On the evening of the fourth day Georgs asserted himself- running continuously for hours he churned out an amazing 87 miles, smiling and enjoying himself amongst the puddles and the mist. After four days Nobuaki started to climb back into the fray, but Georgs' lead was practically insurmountable for any of the other men. Georgs ran 79 miles on Day 5 to claim a 30 mile lead over Pippa with a clear shot to take the course record as well. Charlie Eidel's 550 miles from 1991 was going to go; Suprabha Beckjord's record of 523 miles was in jeopardy as well. With only two days left the runners began to fathom an end to their ordeal. The rain had cleared out and there was no longer an excuse to lay in bed. Georgs continued to run well as the six day split was approaching. His 498 miles for six days was his best in years, and his youthful enthusiasm belied his years and his weathered face. Pippa set a personal best for six days with 454 miles, moving her up the alltime rankings a liile bit.
As only a day remained, everyone started to run with purpose. None could stay with Dipali, though. On the last day she ran 93 miles to climb from fifth to third overall, even getting within six miles of Pippa Davis after starting 28 miles behind her. Georgs ran 80 miles the last day, setting a new event record of 578 miles. Pippa set a new women's event record with 525 miles and had a chance to savor her great race. Suprabha ran 508 miles for third place for the women, becoming the only person to run all eight editions of the Seven Day. Furthermore she topped the 500 mile plateau for the fifth time. And the multiday novice Nobuaki Koyago finished like a veteran with 80 miles the last day to reach 500.
At the awards ceremony, the runners are amazingly quiet and composed, as if expecting to be told that another challenge awaits them. They certainly are pioneers in a sport that has no growing pains yet, but is attracting people looking for meaningful challenges. But the thunderous applause for each and every runner shows that personal effort is appreciated by all; but only those who have been through the battle of a multiday know what they have really experienced. Long days of intense effort, sleep deprivation and constant negotiation with their emotional side give way ultimately to a satisfaction few seldom feel in any earthly endeavor.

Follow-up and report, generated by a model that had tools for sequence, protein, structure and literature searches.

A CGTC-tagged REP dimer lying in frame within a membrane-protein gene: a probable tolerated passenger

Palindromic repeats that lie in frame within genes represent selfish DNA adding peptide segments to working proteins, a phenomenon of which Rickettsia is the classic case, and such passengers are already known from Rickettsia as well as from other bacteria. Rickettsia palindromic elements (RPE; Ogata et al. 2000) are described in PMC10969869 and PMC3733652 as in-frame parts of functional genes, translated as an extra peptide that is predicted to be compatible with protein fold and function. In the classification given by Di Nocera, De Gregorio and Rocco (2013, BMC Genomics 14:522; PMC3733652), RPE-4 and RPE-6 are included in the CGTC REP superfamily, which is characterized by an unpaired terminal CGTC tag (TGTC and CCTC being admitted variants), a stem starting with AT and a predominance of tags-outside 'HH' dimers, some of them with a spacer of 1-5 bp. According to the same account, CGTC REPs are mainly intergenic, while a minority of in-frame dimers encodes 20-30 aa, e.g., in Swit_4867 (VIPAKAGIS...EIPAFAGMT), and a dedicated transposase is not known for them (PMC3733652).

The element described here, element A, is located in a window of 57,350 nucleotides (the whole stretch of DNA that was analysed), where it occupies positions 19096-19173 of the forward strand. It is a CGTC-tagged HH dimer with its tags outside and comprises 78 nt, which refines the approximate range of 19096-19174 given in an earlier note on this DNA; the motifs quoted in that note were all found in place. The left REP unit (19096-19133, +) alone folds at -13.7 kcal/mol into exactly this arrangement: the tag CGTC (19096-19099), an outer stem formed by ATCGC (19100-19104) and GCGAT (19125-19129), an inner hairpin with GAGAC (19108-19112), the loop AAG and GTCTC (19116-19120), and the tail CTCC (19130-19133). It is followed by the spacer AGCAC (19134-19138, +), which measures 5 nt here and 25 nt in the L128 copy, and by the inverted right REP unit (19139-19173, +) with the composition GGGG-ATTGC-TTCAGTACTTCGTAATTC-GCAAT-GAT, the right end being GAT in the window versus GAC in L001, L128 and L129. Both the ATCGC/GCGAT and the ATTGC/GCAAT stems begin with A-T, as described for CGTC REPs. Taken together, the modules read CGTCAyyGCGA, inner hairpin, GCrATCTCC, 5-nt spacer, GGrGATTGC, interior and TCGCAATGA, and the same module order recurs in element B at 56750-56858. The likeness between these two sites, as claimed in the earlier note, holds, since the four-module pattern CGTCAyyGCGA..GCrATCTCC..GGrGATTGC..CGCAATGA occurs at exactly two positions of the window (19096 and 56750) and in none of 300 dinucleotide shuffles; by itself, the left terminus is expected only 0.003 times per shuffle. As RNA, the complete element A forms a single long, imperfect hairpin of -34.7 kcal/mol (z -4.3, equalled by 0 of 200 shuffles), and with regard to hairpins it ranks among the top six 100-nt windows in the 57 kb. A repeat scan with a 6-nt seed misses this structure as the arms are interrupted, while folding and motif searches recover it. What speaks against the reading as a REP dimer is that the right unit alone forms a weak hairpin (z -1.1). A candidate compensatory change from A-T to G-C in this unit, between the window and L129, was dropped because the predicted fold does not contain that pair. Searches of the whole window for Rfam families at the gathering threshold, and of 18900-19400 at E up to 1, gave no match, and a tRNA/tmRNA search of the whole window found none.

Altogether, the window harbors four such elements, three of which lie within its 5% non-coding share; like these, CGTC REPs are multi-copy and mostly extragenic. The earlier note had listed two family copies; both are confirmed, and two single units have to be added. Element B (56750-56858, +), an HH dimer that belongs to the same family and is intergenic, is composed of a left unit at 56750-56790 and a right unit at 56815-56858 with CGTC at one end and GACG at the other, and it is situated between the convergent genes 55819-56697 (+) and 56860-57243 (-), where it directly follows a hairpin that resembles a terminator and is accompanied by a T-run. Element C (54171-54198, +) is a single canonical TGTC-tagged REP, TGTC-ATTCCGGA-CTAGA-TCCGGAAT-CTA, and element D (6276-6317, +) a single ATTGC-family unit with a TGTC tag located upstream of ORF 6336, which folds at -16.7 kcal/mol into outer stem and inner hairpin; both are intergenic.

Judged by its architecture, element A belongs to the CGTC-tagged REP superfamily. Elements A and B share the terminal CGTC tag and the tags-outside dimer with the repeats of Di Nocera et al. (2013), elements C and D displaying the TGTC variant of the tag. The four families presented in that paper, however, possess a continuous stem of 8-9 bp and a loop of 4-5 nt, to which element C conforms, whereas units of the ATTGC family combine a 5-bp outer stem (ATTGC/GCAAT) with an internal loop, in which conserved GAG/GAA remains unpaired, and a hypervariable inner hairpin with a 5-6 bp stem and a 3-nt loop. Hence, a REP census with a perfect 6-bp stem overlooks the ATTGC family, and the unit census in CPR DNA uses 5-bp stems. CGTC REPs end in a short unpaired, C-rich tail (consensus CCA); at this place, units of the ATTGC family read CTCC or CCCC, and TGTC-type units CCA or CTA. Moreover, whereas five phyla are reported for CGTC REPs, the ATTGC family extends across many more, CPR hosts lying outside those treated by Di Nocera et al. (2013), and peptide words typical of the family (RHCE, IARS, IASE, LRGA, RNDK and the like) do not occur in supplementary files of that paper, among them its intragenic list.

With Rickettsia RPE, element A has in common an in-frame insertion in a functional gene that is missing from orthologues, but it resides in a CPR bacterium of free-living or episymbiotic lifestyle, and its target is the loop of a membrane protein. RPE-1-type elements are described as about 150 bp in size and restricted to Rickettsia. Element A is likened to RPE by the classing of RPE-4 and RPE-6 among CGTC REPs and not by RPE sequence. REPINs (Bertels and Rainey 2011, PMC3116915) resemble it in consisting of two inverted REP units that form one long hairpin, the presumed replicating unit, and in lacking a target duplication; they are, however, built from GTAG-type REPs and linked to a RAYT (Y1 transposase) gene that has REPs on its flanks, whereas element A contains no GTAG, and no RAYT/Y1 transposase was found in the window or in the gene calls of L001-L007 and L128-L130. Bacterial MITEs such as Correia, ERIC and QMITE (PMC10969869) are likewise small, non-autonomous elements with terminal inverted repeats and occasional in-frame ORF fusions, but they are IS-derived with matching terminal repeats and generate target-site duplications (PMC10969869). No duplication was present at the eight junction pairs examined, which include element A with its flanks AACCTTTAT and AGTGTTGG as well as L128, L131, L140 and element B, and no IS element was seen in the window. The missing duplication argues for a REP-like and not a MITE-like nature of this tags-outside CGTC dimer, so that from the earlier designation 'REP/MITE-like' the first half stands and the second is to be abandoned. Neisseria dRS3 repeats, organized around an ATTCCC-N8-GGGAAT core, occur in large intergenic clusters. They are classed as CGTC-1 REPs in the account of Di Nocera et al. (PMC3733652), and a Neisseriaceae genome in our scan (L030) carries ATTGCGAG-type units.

The eighth running of this race could not have happened without the generous support of all the volunteers of the Sri Chinmoy Marathon Team, the great athletes,and the boundless inspiration of Sri Chinmoy himself, who has so lovingly nurtured multiday racing in New York for the past ten years.
- Sahishnu Szczesiul
Eighth Annual Sri Chinmoy Seven Day Race
Ward's Island, New York May 7-14,1995 Certified paved one mile loop (with 24, 48, and six day splits) miles
1. Georgs Jermolajevs, 52, LAT 578 ! ( 103,184,498) 2. Pippa Davis,48, Ma 525 ! (100,182,454) 3. Dipali Cunningham,36, AUT 519 (100,169,426) 4. Istvan Sipos,34,HUN 509 (90,164,445 ) 5. Suprabha Beckjord,39, DC 508 (100,173,436) 6. Nobuaki Koyago,37, 500 (113,159,420) 7. Ron Gehl,47,CAN 474 (88,152,395) 8. Nicola Sinisgalli,45,ARG 466 (91,165,423) 9. Tony Rafferty,56,AUT 420 (93,153,362) 10. Dhvaja Dorn,28, CAN 417 (72,131,347) 11. Aleksander Arsic,31,YUG 406 (96,155,359) 12. Hassan Salif,30 393 (88,143,336) 13. Don Winkley,57,Tx 373 (79,140,339) 14. Nirjhari DeLong,44 366 (70,120,314) 15. Clade Buisson,63,FRA 355 (74,129,307) 16. Richard Sitter,56,Pa 352 (84,140,320) 17. Serge Benard,54,FRA 336 (68,118,292) 18. Sutushti Lang,41,Ct 332 (60,106,282) 19. Bozidar Stavric,24,YUG 329 (70,105,265) 20. Scott Weber,42,Co 327 (75,120,301) 21. Pete Coffin,49,Ut 315 (73,116,274) 22. Peter Szigeti,27, HUN 313 (60,118,271) 23. Al Prawda,48, 308 (73,133,251) 24. Goran Vidovic,19, YUG 300 (57,88,236) 25. Sulochana Lallai,67, 283 (56,88,241) 26. Misha Pavlovic,41,YUG 274 (68,119,244) 27. Bob Wise,55,Neb 213 (0, 7, 166) 28. Tatsuya Muramatsu,39,JAP 193 (92,140 ) 29. Dan Baglione,64,Ca 174 (65,111 ) 30. Tom Possert,32,Oh 103 (103 ) 31. Method Istvanik,68, Pa 73 (73 ) 32. Bill Peck,56, 51 ( 51 )